Olive oil production—from high-quality, artisanal growers—is not a year-round endeavor. Between late fall and early in the new year, olive oil producers harvest their fruit. On this occasion, as the assistant wine buyer in Cambridge, I turned an oenophilic eye to the new release of Capezzana extra virgin olive oil. Just as new vintages of wine carry their own distinctive characters, new harvest olive oils are culinary treasures.
Tenuta di Capezzana
The Tenuta di Capezzana estate is home to the Bonacossi family and some of the finest olive oil in Tuscany. The Bonacossis have stewarded these groves and vineyards since the early 20th century, though the estate’s pedigree can be traced back to pre-Roman occupation. It is a beautiful place settled high in the foothills of Carmignano—amongst the sweeping scrub brush and cypress trees.
Harvesting Olives: A Delicate Process
The Bonacossis grow 4 main olive culitvars—Moraiolo, Frantoio, Pendolino, and Leccino—that make up their final blend. They pick their olives at the peak of ripeness, which is hard, laborious work. But the effort to hand-pick the fruit leads to fresher oil and avoids spoilage and bruising.
The olives are transported (typically in the early hours of the morning or late at night) to be sorted, de-stemmed, and pressed cold. Olives are similar to wine grapes in this sense; both contain complex polyphenols that are extracted through pressing, thus giving the final product flavor and texture, and both wine grapes and olives are highly perishable. This is why temperature and oxidation matter equally to the olive oil producer as they do the winemaker.
However, olive oil, unlike wine, does not ferment nor improve with age. In fact, true healthful oils go rancid over time. This is to say, olive oil is meant to be enjoyed young. This is why new release oil is cause for celebration.
The Terroir of Olive Oil
Which brings us to the shelves of Formaggio: if you haven’t explored our olive oil selection before, now is the time. There you’ll find dates printed and olive varieties fully disclosed on every label. This matters not only because of the olive oil counterfeit scam that continues to pervert US markets, but also because the expression of these oils are much like the people who make them. They mark a single time, in a single place. They are as nuanced and variable as the wines and cheeses of their regions.
Capezzana Extra Virgin Olive Oil: 2017 New Harvest
So how does the new harvest Capezzana taste? It’s a knock out: Atomic green, velvety texture, fresh cut grass, and a grizzled peppery finish. This is a perfect finishing oil for everything from breads to pasta to cheese to salads. It would fair well drizzled over slices of rare grilled beef with capers and charred cherry tomatoes, or long-stewed cannellini beans with thyme and lemon.
Recipe: Warm Tuscan Kale Salad with New Harvest Capezzana Olive Oil
This recipe uses brief heat on traditional Tuscan kale for a warm salad that still has an slight, appealing chew to the leaves. Golden pine nuts and Pecorino, rubbed with olive oil sediment, both up the nutty richness. The golden raisins provide tartness to balance the peppery finish of the Capezzana olive oil. This recipe is designed to highlight the olive oil notes, but you can add a dash of Balsamic vinegar if you’d like a more traditional salad dressing.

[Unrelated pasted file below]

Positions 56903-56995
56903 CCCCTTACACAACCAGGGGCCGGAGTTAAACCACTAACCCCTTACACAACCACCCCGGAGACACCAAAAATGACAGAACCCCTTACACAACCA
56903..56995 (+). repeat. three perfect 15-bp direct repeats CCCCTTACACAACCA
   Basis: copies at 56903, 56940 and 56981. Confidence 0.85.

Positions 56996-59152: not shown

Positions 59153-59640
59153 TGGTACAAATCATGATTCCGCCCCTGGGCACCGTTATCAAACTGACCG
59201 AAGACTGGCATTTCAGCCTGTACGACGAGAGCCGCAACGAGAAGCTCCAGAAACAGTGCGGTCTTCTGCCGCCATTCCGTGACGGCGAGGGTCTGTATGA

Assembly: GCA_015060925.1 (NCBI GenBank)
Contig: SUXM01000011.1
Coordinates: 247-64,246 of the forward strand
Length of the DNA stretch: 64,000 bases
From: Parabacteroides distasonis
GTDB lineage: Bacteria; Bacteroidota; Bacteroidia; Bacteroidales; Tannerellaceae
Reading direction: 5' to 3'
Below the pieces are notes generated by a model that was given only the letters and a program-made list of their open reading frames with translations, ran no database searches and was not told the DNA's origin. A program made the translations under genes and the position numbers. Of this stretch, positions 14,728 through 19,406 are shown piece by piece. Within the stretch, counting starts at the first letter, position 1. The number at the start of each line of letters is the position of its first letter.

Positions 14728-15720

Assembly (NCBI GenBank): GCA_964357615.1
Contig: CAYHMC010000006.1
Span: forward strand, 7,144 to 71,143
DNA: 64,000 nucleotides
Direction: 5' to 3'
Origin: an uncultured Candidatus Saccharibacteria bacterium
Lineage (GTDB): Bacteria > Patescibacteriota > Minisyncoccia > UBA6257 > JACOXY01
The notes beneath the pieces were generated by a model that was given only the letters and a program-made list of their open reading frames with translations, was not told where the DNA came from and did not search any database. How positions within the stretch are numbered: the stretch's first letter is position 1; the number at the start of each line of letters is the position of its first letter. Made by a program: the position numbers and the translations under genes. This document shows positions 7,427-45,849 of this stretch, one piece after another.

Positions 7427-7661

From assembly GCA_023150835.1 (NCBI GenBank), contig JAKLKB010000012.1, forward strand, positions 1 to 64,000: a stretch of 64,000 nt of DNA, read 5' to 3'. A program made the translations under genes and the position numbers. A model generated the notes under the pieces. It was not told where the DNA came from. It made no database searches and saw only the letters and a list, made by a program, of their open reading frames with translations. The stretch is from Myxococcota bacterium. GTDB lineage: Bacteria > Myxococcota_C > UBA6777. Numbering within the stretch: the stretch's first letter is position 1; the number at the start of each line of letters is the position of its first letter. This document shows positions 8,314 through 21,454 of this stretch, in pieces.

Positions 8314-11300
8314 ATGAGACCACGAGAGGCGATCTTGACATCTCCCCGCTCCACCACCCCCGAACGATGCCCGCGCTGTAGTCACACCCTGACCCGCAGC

- 1.5 pounds Lacinato Kale, stems and ribs removed, cut into 1-inch pieces (ours comes from Tomatero Farm in Aptos, California)
- 3-4 Tbsp pine nuts
- Pinch of Aldo Armato Red Pepper Flakes
- 2 Tbsp new harvest Capezzana Olive Oil, divided
- 2 anchovies (If using Sicilian Salted Anchovies, rinse and debone before using)
- 3 cloves garlic, thinly sliced
- 1 yellow onion, minced
- 2-3 Tbsp golden raisins
- 1/8 cup shaved Pecorino di Pienza Morchiato (Pecorino rubbed with morchia, the olive oil deposits gathered from the bottom of traditional terra cotta pots)
In a small, dry skillet over low heat, warm pine nuts slowly. Shake skillet frequently to toss the pine nuts, promoting an even browning. Pull from heat when the pine nuts are a light brown and beginning to be fragrant–when pine nuts take on too deep a color, the carryover heat will likely burn them.
In another large skillet on medium heat, warm a scant tablespoon of olive oil. Press and stir the anchovies in, until they disintegrate. Add onion, red pepper, and salt, and stir until translucent and soft. Add garlic and cook a few minutes longer.
Increase heat to high. Add kale and fold into the onions and garlic. Cook a minute or two, folding continuously, until kale is softened and deeply green, but not completely wilted (still a touch crisp).
Put kale mixture into a serving bowl. Scatter golden raisins and pine nuts. Shave ribbons of Pecorino di Pienza Morchiato on top. Finish by drizzling with new harvest Capezzana olive oil–just enough to brighten the flavor, without over-dressing.
Adapted from Ruth Reichl’s Spicy Tuscan Kale.